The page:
Take note that the SHL Excel Test Results are not the only basis for recruitment managers; your resume, interview results, and other assessments will all factor in the decision of whether or not you will be offered the job.

If you have more questions about SHL Tests, you may refer to SHL’s official Help Center.

Excel with Microsoft Excel

The SHL Excel Test is an assessment used to gauge a job applicant’s knowledge of Microsoft Excel. Spreadsheets are important tools for all companies in all industries, and a certain level of proficiency in the program has become a norm for many job openings. As not all jobs require expert knowledge of Excel, there are different forms of the test, with varying difficulty levels.

Preparing for the SHL Excel Test requires learning about the relevant versions of the program, focusing on key skills and features you will be using on the job. Taking relevant practice tests will help you see if you are improving, along with hands-on practice. With enough effort and determination, you can excel in the program and excel in your chosen career.


1. What is an SHL Excel Assessment?

The SHL Excel Assessment is a test used by hiring companies to find out how skilled a candidate is in Microsoft Excel. There are three different kinds of tests, varying in difficulty: interactive tests use a simulated Excel program to test practical knowledge, while multiple-choice tests assess technical knowledge.

2. How do I pass the SHL Assessment Test?

Find out which SHL Assessment Test you are taking, and duly prepare for it. For the SHL Excel Test, taking practice tests and making sure your skills are updated is one way to pass the SHL Assessment Test. Read the job requirements as well so you can focus on the skills that will be tested. Learn about basic formulas and shortcuts as needed.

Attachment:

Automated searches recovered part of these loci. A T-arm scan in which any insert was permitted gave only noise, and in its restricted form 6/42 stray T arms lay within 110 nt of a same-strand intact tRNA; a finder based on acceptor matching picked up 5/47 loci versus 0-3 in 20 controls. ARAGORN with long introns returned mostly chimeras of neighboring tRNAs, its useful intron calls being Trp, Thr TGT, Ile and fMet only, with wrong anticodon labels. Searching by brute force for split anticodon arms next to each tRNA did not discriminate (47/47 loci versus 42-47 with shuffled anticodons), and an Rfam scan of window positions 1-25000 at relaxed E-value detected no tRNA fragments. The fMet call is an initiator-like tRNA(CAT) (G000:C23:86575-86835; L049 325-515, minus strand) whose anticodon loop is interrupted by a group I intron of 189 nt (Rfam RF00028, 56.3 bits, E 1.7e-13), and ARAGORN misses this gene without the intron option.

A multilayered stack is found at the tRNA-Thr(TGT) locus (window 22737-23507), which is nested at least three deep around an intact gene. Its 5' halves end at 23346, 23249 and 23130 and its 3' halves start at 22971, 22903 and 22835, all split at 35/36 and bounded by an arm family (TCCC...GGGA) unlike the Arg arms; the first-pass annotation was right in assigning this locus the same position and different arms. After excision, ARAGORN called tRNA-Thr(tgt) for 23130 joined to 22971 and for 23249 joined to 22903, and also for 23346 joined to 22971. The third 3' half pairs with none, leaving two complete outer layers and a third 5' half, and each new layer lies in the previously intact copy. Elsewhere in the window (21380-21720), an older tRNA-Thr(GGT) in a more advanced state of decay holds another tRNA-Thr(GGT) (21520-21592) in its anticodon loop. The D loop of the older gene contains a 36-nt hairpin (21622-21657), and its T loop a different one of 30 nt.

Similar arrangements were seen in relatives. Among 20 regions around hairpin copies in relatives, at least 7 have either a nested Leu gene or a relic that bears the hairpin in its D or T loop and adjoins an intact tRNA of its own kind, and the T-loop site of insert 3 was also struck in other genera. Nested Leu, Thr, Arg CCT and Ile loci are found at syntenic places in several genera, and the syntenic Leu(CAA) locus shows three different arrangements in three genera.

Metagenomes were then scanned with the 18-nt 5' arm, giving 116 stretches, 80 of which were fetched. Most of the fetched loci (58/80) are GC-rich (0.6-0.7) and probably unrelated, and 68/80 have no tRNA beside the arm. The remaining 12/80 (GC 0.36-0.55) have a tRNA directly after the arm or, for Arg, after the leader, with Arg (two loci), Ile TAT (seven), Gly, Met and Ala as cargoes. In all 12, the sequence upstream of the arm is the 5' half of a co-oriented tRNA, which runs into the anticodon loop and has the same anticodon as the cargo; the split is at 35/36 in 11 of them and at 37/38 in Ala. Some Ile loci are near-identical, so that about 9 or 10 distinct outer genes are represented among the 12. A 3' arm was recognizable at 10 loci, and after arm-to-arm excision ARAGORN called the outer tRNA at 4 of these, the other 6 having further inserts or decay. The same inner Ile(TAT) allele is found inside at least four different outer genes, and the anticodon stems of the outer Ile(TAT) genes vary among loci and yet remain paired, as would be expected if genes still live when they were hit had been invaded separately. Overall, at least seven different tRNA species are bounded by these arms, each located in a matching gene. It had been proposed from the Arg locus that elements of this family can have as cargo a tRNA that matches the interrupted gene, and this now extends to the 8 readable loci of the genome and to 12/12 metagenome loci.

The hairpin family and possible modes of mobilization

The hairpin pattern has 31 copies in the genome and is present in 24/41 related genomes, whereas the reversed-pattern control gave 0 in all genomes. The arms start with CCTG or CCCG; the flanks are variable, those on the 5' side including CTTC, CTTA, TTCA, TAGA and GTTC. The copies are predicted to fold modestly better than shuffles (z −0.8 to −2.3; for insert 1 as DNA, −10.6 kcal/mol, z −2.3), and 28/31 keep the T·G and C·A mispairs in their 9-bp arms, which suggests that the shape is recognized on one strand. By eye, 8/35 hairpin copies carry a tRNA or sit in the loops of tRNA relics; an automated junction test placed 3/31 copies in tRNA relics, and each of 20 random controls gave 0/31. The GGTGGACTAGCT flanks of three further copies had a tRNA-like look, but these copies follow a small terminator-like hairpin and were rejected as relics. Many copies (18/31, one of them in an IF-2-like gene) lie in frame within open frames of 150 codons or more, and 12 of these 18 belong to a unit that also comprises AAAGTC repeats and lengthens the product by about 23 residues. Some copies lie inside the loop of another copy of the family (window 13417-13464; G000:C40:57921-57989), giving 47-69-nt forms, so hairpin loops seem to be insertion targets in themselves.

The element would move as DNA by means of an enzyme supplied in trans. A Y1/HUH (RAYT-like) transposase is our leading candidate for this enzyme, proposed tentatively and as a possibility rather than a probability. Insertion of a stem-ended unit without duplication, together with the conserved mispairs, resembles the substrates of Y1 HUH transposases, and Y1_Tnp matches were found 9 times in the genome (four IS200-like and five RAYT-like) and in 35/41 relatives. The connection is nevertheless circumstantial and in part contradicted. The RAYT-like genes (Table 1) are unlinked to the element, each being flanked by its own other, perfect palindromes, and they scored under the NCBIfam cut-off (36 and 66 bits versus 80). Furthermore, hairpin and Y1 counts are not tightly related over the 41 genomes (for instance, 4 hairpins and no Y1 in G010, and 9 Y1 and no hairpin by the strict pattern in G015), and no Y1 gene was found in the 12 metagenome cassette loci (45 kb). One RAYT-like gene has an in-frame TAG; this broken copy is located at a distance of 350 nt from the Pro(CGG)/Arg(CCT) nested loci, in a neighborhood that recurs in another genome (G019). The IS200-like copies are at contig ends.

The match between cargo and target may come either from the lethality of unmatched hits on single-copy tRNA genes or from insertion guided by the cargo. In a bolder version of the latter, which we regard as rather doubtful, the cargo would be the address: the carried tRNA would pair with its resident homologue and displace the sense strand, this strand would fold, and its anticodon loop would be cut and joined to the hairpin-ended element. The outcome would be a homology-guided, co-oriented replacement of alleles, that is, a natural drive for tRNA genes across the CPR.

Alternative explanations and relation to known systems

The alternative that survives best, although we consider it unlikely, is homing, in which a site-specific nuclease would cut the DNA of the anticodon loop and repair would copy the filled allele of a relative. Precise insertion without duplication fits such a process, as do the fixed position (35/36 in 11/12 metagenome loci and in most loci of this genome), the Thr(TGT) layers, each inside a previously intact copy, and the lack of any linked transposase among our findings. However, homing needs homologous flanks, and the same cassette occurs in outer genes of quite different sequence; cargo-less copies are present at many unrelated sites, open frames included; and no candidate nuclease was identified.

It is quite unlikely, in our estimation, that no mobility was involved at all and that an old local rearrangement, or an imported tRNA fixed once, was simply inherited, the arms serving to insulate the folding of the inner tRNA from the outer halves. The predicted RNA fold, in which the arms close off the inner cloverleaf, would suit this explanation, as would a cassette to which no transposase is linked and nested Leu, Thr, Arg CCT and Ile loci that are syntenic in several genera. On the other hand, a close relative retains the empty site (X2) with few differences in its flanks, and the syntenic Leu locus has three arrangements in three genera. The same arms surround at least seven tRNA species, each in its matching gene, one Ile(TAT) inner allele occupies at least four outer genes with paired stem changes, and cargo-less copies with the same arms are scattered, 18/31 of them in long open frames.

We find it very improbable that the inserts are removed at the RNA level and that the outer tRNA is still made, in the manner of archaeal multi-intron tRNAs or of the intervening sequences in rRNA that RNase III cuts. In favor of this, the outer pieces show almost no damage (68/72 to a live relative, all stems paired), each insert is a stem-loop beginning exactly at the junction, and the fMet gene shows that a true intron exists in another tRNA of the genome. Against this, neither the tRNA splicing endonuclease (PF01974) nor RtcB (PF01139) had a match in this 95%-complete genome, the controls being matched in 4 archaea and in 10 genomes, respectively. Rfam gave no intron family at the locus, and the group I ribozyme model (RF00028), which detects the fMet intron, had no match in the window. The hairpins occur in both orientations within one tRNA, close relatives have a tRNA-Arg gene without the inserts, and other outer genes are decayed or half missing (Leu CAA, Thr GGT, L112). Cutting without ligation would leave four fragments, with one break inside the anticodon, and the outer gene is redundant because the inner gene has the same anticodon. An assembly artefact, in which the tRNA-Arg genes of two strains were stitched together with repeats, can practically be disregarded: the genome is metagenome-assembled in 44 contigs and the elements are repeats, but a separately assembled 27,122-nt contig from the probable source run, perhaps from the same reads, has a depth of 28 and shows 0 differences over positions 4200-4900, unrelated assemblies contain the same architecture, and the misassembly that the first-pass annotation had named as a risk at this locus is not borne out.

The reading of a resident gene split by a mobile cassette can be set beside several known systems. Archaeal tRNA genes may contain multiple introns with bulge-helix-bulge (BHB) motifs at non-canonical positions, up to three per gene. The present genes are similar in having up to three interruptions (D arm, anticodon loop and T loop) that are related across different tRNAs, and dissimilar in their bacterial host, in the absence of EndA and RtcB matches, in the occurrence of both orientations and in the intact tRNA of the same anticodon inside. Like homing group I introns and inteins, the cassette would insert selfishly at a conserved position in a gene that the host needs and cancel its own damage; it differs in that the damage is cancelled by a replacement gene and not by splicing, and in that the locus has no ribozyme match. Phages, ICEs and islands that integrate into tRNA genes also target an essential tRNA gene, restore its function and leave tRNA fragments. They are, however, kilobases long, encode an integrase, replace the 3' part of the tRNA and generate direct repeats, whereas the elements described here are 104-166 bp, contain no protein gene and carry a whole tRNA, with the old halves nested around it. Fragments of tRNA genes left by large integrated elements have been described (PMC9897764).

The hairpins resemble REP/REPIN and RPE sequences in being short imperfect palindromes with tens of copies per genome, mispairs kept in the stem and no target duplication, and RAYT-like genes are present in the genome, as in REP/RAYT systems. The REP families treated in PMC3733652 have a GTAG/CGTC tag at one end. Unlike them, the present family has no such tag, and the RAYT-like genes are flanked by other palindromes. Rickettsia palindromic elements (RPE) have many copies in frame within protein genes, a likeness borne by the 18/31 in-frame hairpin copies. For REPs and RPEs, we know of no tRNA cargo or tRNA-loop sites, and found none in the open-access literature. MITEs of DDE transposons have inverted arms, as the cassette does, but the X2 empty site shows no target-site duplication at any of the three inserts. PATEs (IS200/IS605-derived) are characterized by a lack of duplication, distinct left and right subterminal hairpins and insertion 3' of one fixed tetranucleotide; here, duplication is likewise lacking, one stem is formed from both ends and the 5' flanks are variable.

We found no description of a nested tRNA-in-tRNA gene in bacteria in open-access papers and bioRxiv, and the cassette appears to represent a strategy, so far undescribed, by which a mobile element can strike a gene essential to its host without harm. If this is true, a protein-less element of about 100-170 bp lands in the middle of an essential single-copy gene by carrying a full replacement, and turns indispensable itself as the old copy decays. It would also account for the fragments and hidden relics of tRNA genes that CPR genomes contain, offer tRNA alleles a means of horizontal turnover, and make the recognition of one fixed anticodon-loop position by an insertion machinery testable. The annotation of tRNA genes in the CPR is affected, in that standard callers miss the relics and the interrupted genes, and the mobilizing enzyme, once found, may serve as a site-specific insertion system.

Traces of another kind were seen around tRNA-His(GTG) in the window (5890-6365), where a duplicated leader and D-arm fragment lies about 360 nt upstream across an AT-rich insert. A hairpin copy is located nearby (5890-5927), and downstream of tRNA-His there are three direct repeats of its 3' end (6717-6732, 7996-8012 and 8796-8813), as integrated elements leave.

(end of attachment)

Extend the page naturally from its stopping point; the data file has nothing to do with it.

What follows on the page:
3. Is the SHL Test hard?

The SHL Excel Test difficulty depends on the position you are applying for. Essential skills are needed for positions such as data entry clerks, administrative assistants, and the like. However, for higher positions or management positions that deal with the data itself, expect the SHL Excel Test to be more difficult.

4. What is the SHL Test?

The SHL Test refers to the assessments offered by psychometric test developer and solutions provider SHL, which is used by hundreds of companies all over the world. It may refer to one of the hundreds of tests that they offer to clients. To make sure which test you will be taking, clarify with human resources or the hiring officer you are coordinating with.

5. Will my job need to use Excel? Do I need to take the SHL Excel Test?

To find out if the job you’re applying for needs Excel skills, read the job requirements thoroughly. If one of the desired or required skills include a certain level of proficiency in Microsoft Excel, then you might be asked to take an Excel test. Clarify with human resources or the hiring officer you are coordinating with.